ACBB V yielded additional vertebrate material from reptiles and amphibians including pelycosaur neural spines, Archeria vertebrae, and fragmented dermal skull bones of Eryops. Fossil flora observed at the site consisted of Walchia impressions preserved in hematitic nodules, a plant indicative of Permian delta margins (Read and Mamay 1964; DiMichele et al. 2001). Invertebrate fossils were not found.

Materials and methods

In the North Texas Lower Permian, spiral bromalites most often erode out of their encasing sediments and are collected as float. However, the informative value of bromalites is greatly enhanced when they are collected in situ and can be correctly placed within a detailed stratigraphic column (Chin 2002). All 1,070 spiral bromalites found during this study were surface collected between 2003 and 2006. Of these, 300 heteropolar specimens were used for statistical analysis. <20 amphipolar spiral bromalites were found, but they were not used because of their incompleteness. In the lab, all specimens were cleaned in a soap and water solution to remove excess dirt and allowed to dry for several hours at room temperature. Each spiral bromalite was numbered using a personal field catalog system (CDS-#) at the time of collection. All fossil material used for this study is housed in the vertebrate fossil collection of the J.J. Pickle Lab Vertebrate Paleontology Department of UT AUSTIN (TMM 45923-#) Austin, Texas, USA (see “Appendix”).

Table 1 Physical characteristics of 300 spiral heteropolar bromalites from Archer City Bonebeds III and V


The study set of 300 near complete, heteropolar spiral bromalites was chosen at random for use as a representative sample of the specimens found at the bonebed. Each bromalite was weighed on a Mettler Toledo PB303-S digital weight scale to the nearest 0.001 g. Length, greatest width, and thickness (which was taken at 90° from the greatest width) (Fig. 1a) were measured with Mitutoyo Digimatic 500-133 CD-6”B calipers to the nearest 0.01 mm (see “Appendix”). The length is considered the longest linear measurement available. The width is recorded as the longest measurement perpendicular to length. Last, thickness was taken at 90° from where the width is recorded, which is essentially the shortest measurement. The degree of flatness was calculated for each spiral bromalite using the Euclidean geometric formula for finding the eccentricity of an ellipse. Eccentricity (e) is mathematically defined as the deviation of an ellipse from the true circular form, determined by utilizing the ratio of the major and minor diameter, which is the width (w) and thickness (t), respectively (Fig. 1b).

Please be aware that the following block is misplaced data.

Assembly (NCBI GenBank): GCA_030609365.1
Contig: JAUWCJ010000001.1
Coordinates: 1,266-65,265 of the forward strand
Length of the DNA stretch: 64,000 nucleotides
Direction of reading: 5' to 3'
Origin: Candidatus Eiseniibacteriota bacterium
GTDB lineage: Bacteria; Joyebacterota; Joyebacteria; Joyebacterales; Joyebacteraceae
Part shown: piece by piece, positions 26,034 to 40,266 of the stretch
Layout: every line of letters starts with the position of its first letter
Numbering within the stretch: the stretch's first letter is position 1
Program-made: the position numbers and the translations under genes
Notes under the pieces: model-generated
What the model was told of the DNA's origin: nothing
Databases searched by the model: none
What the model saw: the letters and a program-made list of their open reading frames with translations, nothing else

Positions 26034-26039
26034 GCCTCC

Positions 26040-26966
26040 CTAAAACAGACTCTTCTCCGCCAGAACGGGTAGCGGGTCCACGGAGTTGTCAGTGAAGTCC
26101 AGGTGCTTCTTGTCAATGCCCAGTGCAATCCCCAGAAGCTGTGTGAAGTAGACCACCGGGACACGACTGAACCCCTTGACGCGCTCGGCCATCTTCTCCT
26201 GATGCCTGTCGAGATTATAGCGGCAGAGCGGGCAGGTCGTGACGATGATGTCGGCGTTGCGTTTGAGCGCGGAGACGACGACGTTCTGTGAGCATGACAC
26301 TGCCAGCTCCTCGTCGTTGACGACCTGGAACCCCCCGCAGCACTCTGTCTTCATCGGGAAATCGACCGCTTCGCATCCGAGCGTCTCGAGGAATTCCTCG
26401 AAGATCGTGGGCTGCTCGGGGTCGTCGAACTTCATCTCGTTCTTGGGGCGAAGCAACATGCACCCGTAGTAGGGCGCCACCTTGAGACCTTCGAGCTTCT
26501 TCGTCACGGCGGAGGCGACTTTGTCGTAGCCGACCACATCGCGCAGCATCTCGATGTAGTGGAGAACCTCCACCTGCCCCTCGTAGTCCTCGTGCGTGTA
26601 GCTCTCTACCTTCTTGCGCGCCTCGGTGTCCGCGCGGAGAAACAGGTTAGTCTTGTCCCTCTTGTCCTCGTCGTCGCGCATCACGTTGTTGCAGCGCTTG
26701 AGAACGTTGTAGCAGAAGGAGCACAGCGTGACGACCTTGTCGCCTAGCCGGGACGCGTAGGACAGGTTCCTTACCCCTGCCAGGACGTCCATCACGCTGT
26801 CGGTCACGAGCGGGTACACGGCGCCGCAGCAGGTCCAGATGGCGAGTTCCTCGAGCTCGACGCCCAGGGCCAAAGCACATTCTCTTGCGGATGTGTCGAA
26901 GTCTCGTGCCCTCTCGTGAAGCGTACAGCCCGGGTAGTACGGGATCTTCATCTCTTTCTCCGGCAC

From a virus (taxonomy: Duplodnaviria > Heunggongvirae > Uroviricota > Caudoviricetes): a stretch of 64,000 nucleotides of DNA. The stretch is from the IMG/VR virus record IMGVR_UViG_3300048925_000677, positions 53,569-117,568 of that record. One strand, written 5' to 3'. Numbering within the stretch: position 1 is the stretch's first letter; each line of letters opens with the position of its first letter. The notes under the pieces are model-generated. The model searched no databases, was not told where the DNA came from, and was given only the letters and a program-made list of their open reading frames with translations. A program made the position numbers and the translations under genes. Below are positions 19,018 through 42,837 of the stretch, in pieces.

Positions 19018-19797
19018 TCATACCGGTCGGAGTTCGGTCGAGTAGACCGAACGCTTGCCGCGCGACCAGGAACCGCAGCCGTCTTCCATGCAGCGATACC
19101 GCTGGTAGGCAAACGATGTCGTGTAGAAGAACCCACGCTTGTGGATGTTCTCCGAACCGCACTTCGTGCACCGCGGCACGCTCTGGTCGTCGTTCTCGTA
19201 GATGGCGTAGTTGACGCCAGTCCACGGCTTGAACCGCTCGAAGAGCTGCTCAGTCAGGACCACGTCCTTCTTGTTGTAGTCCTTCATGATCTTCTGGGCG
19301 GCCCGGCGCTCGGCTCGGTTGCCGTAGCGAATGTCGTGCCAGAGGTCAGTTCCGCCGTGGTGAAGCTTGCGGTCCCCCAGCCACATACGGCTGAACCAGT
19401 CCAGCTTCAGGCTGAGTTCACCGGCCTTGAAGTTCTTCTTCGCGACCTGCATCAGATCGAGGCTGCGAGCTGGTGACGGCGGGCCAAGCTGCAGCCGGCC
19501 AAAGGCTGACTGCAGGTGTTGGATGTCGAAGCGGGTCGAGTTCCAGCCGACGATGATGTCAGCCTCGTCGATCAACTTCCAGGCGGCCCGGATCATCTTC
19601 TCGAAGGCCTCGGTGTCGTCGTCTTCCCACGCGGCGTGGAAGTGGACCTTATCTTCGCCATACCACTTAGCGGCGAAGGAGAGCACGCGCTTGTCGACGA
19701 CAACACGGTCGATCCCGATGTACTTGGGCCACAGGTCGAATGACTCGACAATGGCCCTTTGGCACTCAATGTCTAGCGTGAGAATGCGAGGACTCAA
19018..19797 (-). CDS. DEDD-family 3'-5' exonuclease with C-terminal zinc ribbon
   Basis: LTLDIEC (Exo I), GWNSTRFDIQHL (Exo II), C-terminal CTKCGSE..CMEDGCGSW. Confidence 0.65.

$$ e = \sqrt {1 - \left( {\frac{{\mathop t\nolimits^{2} }}{{\mathop w\nolimits^{2} }}} \right)} $$

The closer the eccentricity value is to zero the more round the ellipse is, and the closer it is to a perfect circle. When the value is closer to one, the specimen is flatter or more “crushed”.

Volume was first determined by placing each spiral bromalite in a water-filled graduated cylinder to measure displacement. A variety of graduated cylinders (10, 100, and 200 ml) were needed to accommodate the varying sizes of the bromalites. These measurements are referred to as the “observed” volume (see “Appendix”). Density was also calculated for each spiral bromalite utilizing each specimen’s calculated and observed volume measurements (see “Appendix”).

New volume formula

Using the three linear measurements, volume (V) was also calculated using the new formula (Fig. 1a). Length (l), width (w), and thickness (t) are multiplied together. The resulting product is then multiplied by Pi (π) and divided by 12,000 to convert the measured units.

$$ V = \int\limits_{0}^{l} {\pi \left( \frac{w}{2l} \right)x\left( \frac{t}{2l} \right)xdx} = \left( {\frac{\pi lwt}{12}} \right)\left( {\frac{1}{1{,}000}} \right) = \frac{{\pi \left( {lwt} \right)}}{12{,}000}\left( {1.7088} \right) $$

The “preliminary” volumes were compared with the observed volumes by linear regression. These data were analyzed with the Number Cruncher Statistical Systems (NCSS) 2001 software. A slope of 1.7088 and an R 2 value of 0.9836 were found (Fig. 4). The slope (1.7088) was used as a constant (Fig. 5) and every “preliminary” volume was multiplied by this number. These results are referred to as the “calculated” volumes (see “Appendix”).

Fig. 4
figure 4

Linear relationship between the calculated preliminary volumes and observed volumes. The calculations were done with the proposed volume formula. Observed volumes were obtained by recording water displacement using a graduated cylinder. The slope of the regression line (1.7088) is used as a constant in the proposed volume formula

Fig. 5
figure 5